ARAB JOURNAL OF UROLOGY 2022, VOL. 20, NO. 1, 36–40 https://doi.org/10.1080/2090598X.2021.2002635 ORIGINAL ARTICLE Planned percutaneous nephrolithotomy in patients who initially presented with urosepsis: Analysis of outcomes and complications Ahmed Fahmy, Karim Saad, Wael Sameh and Omar Elgebaly Alexandria Faculty of Medicine, Alexandria University, Alexandria, Egypt ABSTRACT ARTICLE HISTORY Received 9 May 2021 Objective: To compare the outcomes and complications of planned percutaneous nephro- Accepted 13 July 2021 lithotomy (PCNL) in patients with a prior urosepsis episode to those without. Patients and Methods: We recorded patients who presented initially with obstructive uro- KEYWORDS sepsis, as identified by systemic inflammatory response syndrome and obstructing kidney Percutaneous stones. We compared the surgical outcomes and complications among those patients who nephrolithotomy; urosepsis; had planned PCNL after control of prior urosepsis with urgent decompression and antibiotics outcomes; complications (Group A) to a group who presented for PCNL with no previous history of a septic presentations (Group B). A 1:1 matched-pair analysis was performed using four parameters (age, gender, body mass index, and American Society of Anesthesiologists classification) to eliminate poten- tial allocation bias. Primary outcomes included were stone-free rate (SFR) and complication rate. Secondary outcomes included were operative time, estimated blood loss, and duration of postoperative hospital stay. Results: A total of 80 patients underwent PCNL (48 male and 32 females) divided equally between both treatment groups, with a mean (interquartile range) age of 47 (19–75) years. There were no differences in demographic data or stone characteristics between both groups. Both groups had comparable SFRs (92.5% vs 97.5%, P = 0.212) and mean operative time (77 vs 74 min, P = 0.728) (Table 2). Patients in Group A had a significantly higher overall complications rate (35% vs 10%, P = 0.03) . There were no postoperative mortalities and the mean length of hospital stay was significantly longer in Group A patients compared to group B (4.2 vs 1.5 days, P = 0.042). Conclusions: : Planned PCNL after decompression for urolithiasis-related sepsis has compar- able operative time and SFR but higher complication rates and longer postoperative hospital stay. This is critical in counselling patients prior to definitive treatment of kidney stones after urgent decompression for urosepsis and for adequate preoperative planning and preparation. Abbreviations: ASA: American Society of Anesthesiologists; BMI: body mass index; ICU: intensive care unit; IQR: interquartile range; KUB: plain abdominal radiograph of the kidneys, ureters and bladder; PCN: percutaneous nephrostomy; PCNL: percutaneous nephrolithotomy; SFR: stone-free rate; URS; ureteroscopy; US: ultrasonography Introduction The influence of prior urosepsis on perioperative out- comes of PCNL has not been thoroughly investigated, Percutaneous nephrolithotomy (PCNL) is the minimally and whether prior urosepsis is associated with higher invasive procedure of choice for the management of intra- and postoperative complications remains unclear. large-volume and complex kidney stones because of The aim of the present study was to compare the out- its high efficacy and safety yielding high stone-free comes and complications of planned PCNL in patients rates (SFRs) . Early diagnosis and prompt urgent with a prior urosepsis episode to those without. management of urosepsis related to obstructive uro- lithiasis is pivotal for improved clinical outcomes . Patients and methods Renal decompression through percutaneous nephrostomy (PCN) or retrograde JJ stent is almost A retrospective review of the data of patients who always the first step in managing patients presenting underwent PCNL procedures for kidney stones in our with an obstructing stone and urosepsis followed by Urology Department between August 2016 and definitive treatment for the stone at a later stage, once March 2020 was carried out. Inclusion criteria were the patient’s general condition improves and sepsis con- patients aged >18 years who had kidney stones. trolled [3,4]. However, clinicians should counsel patients Patients with any contraindication for PCNL (such as that treatment of the stones may initially be more com- uncorrected coagulopathy or UTI), solitary kidney or plex, with increased hospital stay and stent time . renal impairment were excluded from the study. The CONTACT Omar Elgebaly email@example.com Alexandria Faculty of Medicine, Alexandria University, Alexandria, Egypt © 2021 The Author(s). Published by Informa UK Limited, trading as Taylor & Francis Group. This is an Open Access article distributed under the terms of the Creative Commons Attribution License (http://creativecommons.org/licenses/by/4.0/), which permits unrestricted use, distribution, and reproduction in any medium, provided the original work is properly cited. ARAB JOURNAL OF UROLOGY 37 study was approved by the local Ethics Committee. All microbiology results were re-assessed and Informed consent was obtained from all individual checked for patients in both groups before the endo- participants included in the study. scopic intervention. Patients with symptomatic and/or We recorded patients who presented initially with culture-confirmed UTI and high-risk patients with low obstructive urosepsis, as identified by systemic inflam - ASA classification received an appropriate course of matory response syndrome and obstructing kidney antibiotics, at least 1 week prior to the procedure. In stones . We compared the surgical outcomes and case of negative urine culture, a single perioperative complications among those patients who had planned prophylactic dose of antibiotics was administrated PCNL after control of prior urosepsis with urgent before the endoscopic intervention. This was per- decompression and antibiotics (Group A) to a cohort formed under the supervision of the microbiology group who presented for PCNL with no previous his- team. tory of a septic presentations (Group B). Demographic data including patient age, sex, body Intervention mass index (BMI), American Society of Anesthesiologists (ASA) classification, stone character- All procedures were performed under general anaes- istics, intraoperative events, outcomes of the proce- thesia. After a cystoscopic retrograde ureteric catheter dures, and postoperative hospital stay were collected was fixed, with the patient in the lithotomy position, by reviewing hospital medical records. the patient was placed in the prone position. The skin The stone length was calculated according to the was punctured at the posterior axillary line under mul- longest diameter, and the stone burden was calcu- tidirectional C-arm fluoroscopic guidance (BV Pulsera, lated by multiplying its length by its width. The Philips Medical Systems, Eindhoven, the Netherlands) operative duration was calculated from the time of and posterior calyx was entered with 18-G translumbar initial cystoscopic ureteric catheter placement until angioplasty needle (Boston Scientific, Natick, MA, USA). securing the nephrostomy tube. Stone-free status In some cases (16 patients in Group A), access to the was defined as no residual fragments of ≥4 mm on pelvicalyceal system was obtained via the nephrost- plain abdominal radiograph of the kidneys, ureters omy tube tract. and bladder (KUB) and ultrasonography (US) of the Before beginning tract dilatation, all planned tracts urinary tract after 1 month. The haemoglobin deficit were established, working and safety guidewires were was the difference between the preoperative level secured inside the pelvicalyceal system. Dilatation of and its level 12-h postoperatively. All procedures the tract was achieved with coaxial telescopic dilators were performed or supervised by a single senior (Karl Storz Endoskope, Tuttlingen, Germany). A 30-F endourologist with a high expertise in percutaneous Amplatz sheath (Boston Scientific Corp., Natick, MA, renal surgery to ameliorate potential performance USA) and a 27-F semi-rigid nephroscope (Karl Storz bias when procedures are not performed in Endoskope) were used for all procedures. Pneumatic a uniform way. lithotripsy (Swiss Lithoclast, EMS, Nyon, Switzerland) A 1:1 matching of the patients based on their pro- was utilised for stone disintegration. Stone-free status pensity scores was performed, to eliminate potential was confirmed intraoperatively both endoscopically allocation bias, using a logistic regression model, with and fluoroscopically. A nephrostomy tube (22 F) was prior urosepsis as the dependent variable in relation to placed at the end of the procedure. the following baseline characteristics: age, sex, BMI, ASA classification. We did not include stone character- Postoperative evaluation and follow up istics in the matching criteria, because this would have limited the number of patients included in the study. Renal US and KUB were performed before removal of the nephrostomy tube for detection of residual stones. Any residual stone of >10 mm accessible through the Preoperative evaluation existing nephrostomy tracts was treated by a second Upon complete urosepsis control in Group A patients, session of PCNL, while ESWL was used for residual a planned elective PCNL was scheduled for these fragments of 4–10 mm. All patients underwent renal patients. On admission for elective PCNL, patients US after 1 month for confirmation of stone-free status, were re-evaluated regarding their fitness for the endo- which was defined as no residual fragments of ≥4 mm. scopic intervention at a dedicated pre-assessment clinic in conjunction with the anaesthesia team. Outcome measures Preoperative and admission-related data included urine analysis, urine culture, blood culture, full blood Primary outcomes included were SFR and complica- count, biochemistry study, renal US, KUB, and whole tion rate. The SFR was defined as the absence of any abdominal CT were obtained and evaluated upon residual stones of ≥4 mm on postoperative imaging admission. performed 1 month after PCNL. Postoperative 38 A. FAHMY ET AL. complications were assessed and graded according to Among patients in Group A, emergency decompres- the modified Clavien–Dindo classification . Major sion was achieved via PCN in 28 (70%) and JJ stent complications were defined as Clavien–Dindo Grade placement in 12 (30%). In all, 13 patients (32.5%) III–V. All complications were defined as those occurring required admission to the intensive care unit (ICU) at within the first month postoperatively or before dis- initial presentation of urosepsis. The median (IQR) time charge, whichever the longer time frame. Secondary interval between initial PCN or JJ stent during the outcomes included operative time, estimated blood urosepsis episode and their elective PCNL was 37 loss, and duration of postoperative hospital stay. (10–92) days. A positive urine culture on presentation was obtained in 36 patients (90%) who initially pre- sented with urosepsis. The organisms identified were Statistical methods Escherichia coli (17 patients, 67.5%), Pseudomonas (five, Continuous variables were expressed as mean (± SD). If 12.5%), Klebsiella (three 3,7.5%) and Proteus the parametric test assumptions were met, the Student’s (one, 2.5%). t-test was used for comparing between the two groups, There were no differences in demographic data or while the Mann–Whitney U-test was used if the para- stone characteristics between the groups. Both groups metric test assumptions were not met. Categorical vari- had comparable SFRs (92.5% vs 97.5%, P = 0.212) and ables were expressed as frequency (n) and percentage mean operative time (77 vs 74 min, P = 0.728), with no (%) and compared with chi-squared or Fisher’s exact test. statistically significant difference. There was no need Independent predictors for SFR or complications were for second-look nephroscopy in any patient in either of evaluated using uni- and multivariate logistic regression the treatment groups; however, three patients (two in to control for baseline differences between the two Group A and one in Group B) required ESWL for com- groups. A P < 0.05 was considered statistically significant plete stone clearance. Patients in Group A had signifi - and all the analyses were performed using R software cantly higher overall complications rate (35% vs 10%, version 3.6.0. (R Core Team . R: A language and P = 0.03). Intraoperative complications included three environment for statistical computing. R Foundation for patients in Group A with significant bleeding necessi- Statistical Computing, Vienna, Austria. URL https://www. tating intraoperative blood transfusion, while no R-project.org/). patient in Group B needed blood transfusion. Subgroup analysis regarding methods of drainage revealed no significant difference between periopera- Results tive outcomes of those who had nephrostomy tube vs A total of 80 patients underwent PCNL (48 male and 32 those who had a JJ stent for relief of urosepsis in Group females) divided equally between both treatment A, including SFR (96.4% vs 83.3%, P = 0.76), operative groups, with a mean (interquartile range [IQR]) age of times (72.7 vs 79.2 min, P = 0.26), length of hospital 47 (19–75) years. Table 1 presents the demographic char- stay (2.8 vs 3.8 days, P = 0.1), and complications rate. acteristics of the studied patients in both groups.Table 2 Table 3 shows postoperative complications included fever (four patients in Group A and two in Group B), two patients developed sepsis postopera- Table 1. Patients’ characteristics. tively needing ICU admission in Group A. Mild gross Group Group haematuria in two patients (5%) in each group, which Characteristic A (N = 40) B (N = 40) P Age, years, median (IQR) 48 (19–76) 52 (19–80) 0.152 was managed conservatively by bed rest, intravenous Gender, male/female, n 22/18 26/14 0.751 fluids, and nephrostomy tube clamping. One patient BMI, kg/m , mean (SD) 28.49 (2.69) 27.13 (5.24) 0.503 presented by severe gross haematuria needed selec- Stone sizes, mm, mean (SD) 26.42 (4.54) 27.19 (6.25) 0.728 Stone side, left/right, n 13/27 15/25 0.320 tive angioembolisation for symptomatic arteriovenous Stone burden, mm , mean 376.68 (17) 412.46 (81) 0.654 fistula confirmed by CT angiography in Group (SD) Stone number, single/ 16/24 20/20 0.140 A. Persistent urinary leakage from the nephrostomy multiple site was noted in two patients in Group A, which was managed with endoscopic retrograde JJ stent Table 2. Clinical outcomes. Group Group Table 3. Perioperative complications (Clavien–Dindo grading). Outcome A (N = 40) B (N = 40) P Clavien–Dindo Group A, Group B, SFR, n/N (%) 37/40 (92.5) 39/40 (97.5) 0.212 Grade Description n (%) n (%) Operative time, min, mean 77 (44–116) 74 (48–110) 0.728 (range) I Fever 4 (10) 2 (5) Overall complications, n/N (%) 14/40 (35) 4/40 (10) 0.03* II Blood transfusion 3 (7.5) 0 High-grade complications, n (%) 5 (12.5) 0 0.001* Haematuria 2 (5) 2 (5) Length of hospital stay, days, 4.2 (1–9) 1.5 (1–3) 0.042* IIIA Angioembolisation 1 (2.5) 0 mean (range) IIIB Persistent urinary 2 (5) 0 Postoperative admission to 2 0 0.152 leakage ICU, n IV Sepsis 2 (5) 0 V Death 0 0 *Statistically significant at P < 0.05. ARAB JOURNAL OF UROLOGY 39 placement. There were no postoperative mortalities in The optimal duration of antibiotic treatment and our study and the mean length of hospital stay was waiting time before definitive treatment after urgent significantly longer in Group A patients compared to decompression for patients who initially present with group B (4.2 vs 1.5 days, P = 0.042). urosepsis have not been thoroughly investigated and Multivariate logistic regression analysis showed that determined . In the present study, patients who stone size, side, burden, and number were not inde- presented with sepsis were treated initially with pendent predictors of stone-free status or developing decompression either by PCN or endoscopic JJ inser- complications after PCNL procedure. Initial presenta- tion, intravenous antibiotics were administrated for tion with urosepsis was statistically significantly related a median period of 7 days (up to 14 days) followed to the complication rate in multivariate models (odds by oral antibiotics for 1–2 weeks. ratio 3.251, 95% CI 1.829–8.654; P = 0.001). Patients were treated definitively by PCNL after a median (IQR) period of 37 (10–92) days from initial decompression of sepsis. This was influenced by multiple factors including the severity of initial pre- Discussion sentation, presence of comorbidities, clinical response to treatment after decompression and anti- Urosepsis due to an obstructing stone must be biotics, subsequent anaesthetic assessment of fit - managed by urgent decompression of the obstructed ness for their elective procedure, waiting list time, kidney, aggressive fluid resuscitation with haemody- and patient choice. The appropriate waiting time for namic support associated with controlling the source definitive management after initial decompression of the infection by an appropriate course of antibio- and its potential impact on success and complica- tics [8,9]. This should be followed by definitive man- tions rate could not be elucidated from our present agement of the stone, once the infection has resolved study due to the relatively small number of patients and the patient’s general conditions have and few complications. In addition, many of these improved [3,4,8]. cases were initially managed outside our hospital by It was assumed that, patients undergoing planned renal decompression for urosepsis control and pre- endourological approaches after prior urosepsis sented to us later for definitive PCNL procedure. decompression were more likely to have more com- In the present study, the SFR was similar between plex procedure and a higher complication rate the two treatment groups. History of prior urosepsis [10,11]. Prolonged antibiotic administration, longer did not affect the SFR as long as the technical steps are postoperative hospital stay, and auxiliary procedures strictly followed, PCNL can still be performed with may also be needed. This suggests that patients with a comparable success rate. prior urosepsis, even those adequately managed in Patients in Group A had a higher overall complica- the emergency phase, are more prone to complica- tion rate (35% vs 10%) and severity of complications tions after the elective endourological treatment [12– compared to Group B. None of patients in Group 14]. A possible explanation for this may be attributed B developed a high-grade complication (Grade III–V); to the residual effect of inflammatory changes however, five patients in Group A had high-grade com- induced by urosepsis on renal parenchyma and plications. This substantial difference can be explained microvasculature . In addition, patients’ frailty, to some extent by urosepsis induced effect on renal associated comorbidities in patients with prior uro- parenchyma including tissue inflammation, ischaemia, sepsis and the more prevalence of septic foci includ- vascular damage, and the presence of uncleared septic ing infection stones in the urinary tracts are other foci inside the urinary system resulting in an increase in potential causes among this group of patients the risk of intra- and postoperative complications. The [16,17]. mean postoperative hospital stay was 4.2 and 1.5 days Few publications have investigated the impact of in groups A and B, respectively (P = 0.042). prior urosepsis as an independent risk factor on surgi- Postoperative adverse events were more prevalent cal outcomes and complications after definitive among patients in Group A and the time needed for endourological approaches. A retrospective matched- their appropriate management may account for the pair comparison between elective ureteroscopy (URS) more prolonged postoperative hospital stay. and patients with prior urosepsis showed SFRs were In the present study, matching of patients was similar between the two groups, but patients with successfully performed based on age, gender, BMI, history of prior sepsis were more likely to have and ASA classification for better patient characteris- increased hospital stay, require prolonged antibiotic tics adjustment. Our results revealed that prior uro- use, and have prolonged stent duration . Another sepsis is predictive of adverse perioperative study reported the outcomes of elective URS stone outcomes in patients requiring elective PCNL after treatment in 76 patients with prior sepsis and emer- urosepsis control and was associated with higher gency drainage, the SFR was 97% and there was only grades of complications. one high-grade complication . 40 A. 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Arab Journal of Urology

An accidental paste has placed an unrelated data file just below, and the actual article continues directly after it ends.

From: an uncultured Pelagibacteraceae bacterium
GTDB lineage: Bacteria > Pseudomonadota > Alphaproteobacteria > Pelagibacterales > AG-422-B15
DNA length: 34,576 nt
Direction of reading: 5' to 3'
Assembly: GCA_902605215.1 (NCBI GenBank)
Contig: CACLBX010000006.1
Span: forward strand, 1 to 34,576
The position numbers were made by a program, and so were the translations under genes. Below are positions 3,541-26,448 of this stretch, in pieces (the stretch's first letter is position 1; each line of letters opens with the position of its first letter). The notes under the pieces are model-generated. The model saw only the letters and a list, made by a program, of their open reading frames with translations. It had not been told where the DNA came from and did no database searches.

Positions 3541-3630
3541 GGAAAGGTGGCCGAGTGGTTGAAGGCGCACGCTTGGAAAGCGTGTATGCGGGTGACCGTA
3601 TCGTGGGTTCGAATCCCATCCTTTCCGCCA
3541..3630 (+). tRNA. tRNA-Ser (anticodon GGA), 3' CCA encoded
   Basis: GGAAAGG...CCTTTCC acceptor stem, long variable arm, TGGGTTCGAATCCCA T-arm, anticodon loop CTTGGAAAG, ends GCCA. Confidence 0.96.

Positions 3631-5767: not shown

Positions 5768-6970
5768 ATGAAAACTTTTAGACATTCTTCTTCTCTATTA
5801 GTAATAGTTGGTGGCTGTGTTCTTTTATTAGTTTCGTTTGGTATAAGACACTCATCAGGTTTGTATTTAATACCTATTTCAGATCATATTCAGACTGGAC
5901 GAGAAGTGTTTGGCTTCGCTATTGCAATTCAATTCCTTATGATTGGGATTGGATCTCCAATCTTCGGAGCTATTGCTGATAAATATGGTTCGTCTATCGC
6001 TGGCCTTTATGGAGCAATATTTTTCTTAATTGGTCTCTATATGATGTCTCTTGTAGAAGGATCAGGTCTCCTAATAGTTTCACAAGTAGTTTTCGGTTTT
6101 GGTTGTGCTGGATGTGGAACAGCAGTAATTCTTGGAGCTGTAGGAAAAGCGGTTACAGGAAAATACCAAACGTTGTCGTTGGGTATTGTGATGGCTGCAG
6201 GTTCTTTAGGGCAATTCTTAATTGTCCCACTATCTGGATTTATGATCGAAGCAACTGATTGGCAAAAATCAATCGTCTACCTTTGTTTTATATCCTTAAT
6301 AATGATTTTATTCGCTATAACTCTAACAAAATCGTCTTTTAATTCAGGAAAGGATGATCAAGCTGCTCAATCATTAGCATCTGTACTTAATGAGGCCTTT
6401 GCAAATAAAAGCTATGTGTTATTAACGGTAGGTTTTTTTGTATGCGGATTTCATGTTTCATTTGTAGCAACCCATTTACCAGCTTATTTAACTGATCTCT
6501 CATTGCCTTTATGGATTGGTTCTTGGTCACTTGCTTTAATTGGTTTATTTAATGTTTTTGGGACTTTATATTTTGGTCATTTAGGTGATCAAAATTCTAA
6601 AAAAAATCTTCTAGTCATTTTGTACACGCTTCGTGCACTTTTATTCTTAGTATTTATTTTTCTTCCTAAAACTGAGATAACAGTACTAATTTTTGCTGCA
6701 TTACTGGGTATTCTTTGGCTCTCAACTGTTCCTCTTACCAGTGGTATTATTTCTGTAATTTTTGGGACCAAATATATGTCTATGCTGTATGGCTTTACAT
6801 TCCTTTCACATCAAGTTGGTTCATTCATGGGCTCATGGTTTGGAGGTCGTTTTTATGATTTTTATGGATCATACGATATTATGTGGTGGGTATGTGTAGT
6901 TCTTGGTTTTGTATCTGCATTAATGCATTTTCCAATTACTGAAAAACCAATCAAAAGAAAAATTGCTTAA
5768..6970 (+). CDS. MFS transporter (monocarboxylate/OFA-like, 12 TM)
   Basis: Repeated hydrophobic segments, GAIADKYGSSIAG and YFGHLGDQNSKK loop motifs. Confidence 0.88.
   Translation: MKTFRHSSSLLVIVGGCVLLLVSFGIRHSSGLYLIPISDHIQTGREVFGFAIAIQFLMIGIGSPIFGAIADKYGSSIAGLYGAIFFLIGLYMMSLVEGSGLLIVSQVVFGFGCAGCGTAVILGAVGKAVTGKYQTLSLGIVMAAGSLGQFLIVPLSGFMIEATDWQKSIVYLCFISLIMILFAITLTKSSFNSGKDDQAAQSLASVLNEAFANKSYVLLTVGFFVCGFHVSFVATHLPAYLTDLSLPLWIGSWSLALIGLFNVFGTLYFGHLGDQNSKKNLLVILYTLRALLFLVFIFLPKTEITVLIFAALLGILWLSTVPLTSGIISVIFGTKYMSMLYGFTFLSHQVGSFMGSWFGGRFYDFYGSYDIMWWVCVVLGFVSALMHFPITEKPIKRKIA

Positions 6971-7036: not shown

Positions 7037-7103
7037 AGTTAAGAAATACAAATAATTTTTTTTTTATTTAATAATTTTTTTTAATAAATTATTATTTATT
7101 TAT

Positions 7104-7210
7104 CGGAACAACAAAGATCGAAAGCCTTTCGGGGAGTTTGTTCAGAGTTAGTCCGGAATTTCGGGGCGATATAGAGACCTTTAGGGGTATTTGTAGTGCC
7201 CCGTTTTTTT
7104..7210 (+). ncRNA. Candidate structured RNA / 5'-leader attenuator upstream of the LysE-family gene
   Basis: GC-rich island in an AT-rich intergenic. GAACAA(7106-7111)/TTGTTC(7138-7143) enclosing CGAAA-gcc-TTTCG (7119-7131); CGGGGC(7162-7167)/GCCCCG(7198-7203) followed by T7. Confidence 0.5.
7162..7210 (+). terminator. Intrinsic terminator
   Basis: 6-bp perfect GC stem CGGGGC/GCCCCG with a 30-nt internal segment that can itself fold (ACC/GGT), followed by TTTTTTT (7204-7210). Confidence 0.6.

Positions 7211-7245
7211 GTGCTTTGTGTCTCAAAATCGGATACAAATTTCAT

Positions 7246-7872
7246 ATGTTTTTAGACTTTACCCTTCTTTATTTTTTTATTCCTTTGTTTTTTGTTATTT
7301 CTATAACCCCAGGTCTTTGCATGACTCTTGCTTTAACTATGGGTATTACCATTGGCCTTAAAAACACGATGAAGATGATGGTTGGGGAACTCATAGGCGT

– Taylor & Francis
Published: Jan 2, 2022
Keywords: Percutaneous nephrolithotomy; urosepsis; outcomes; complications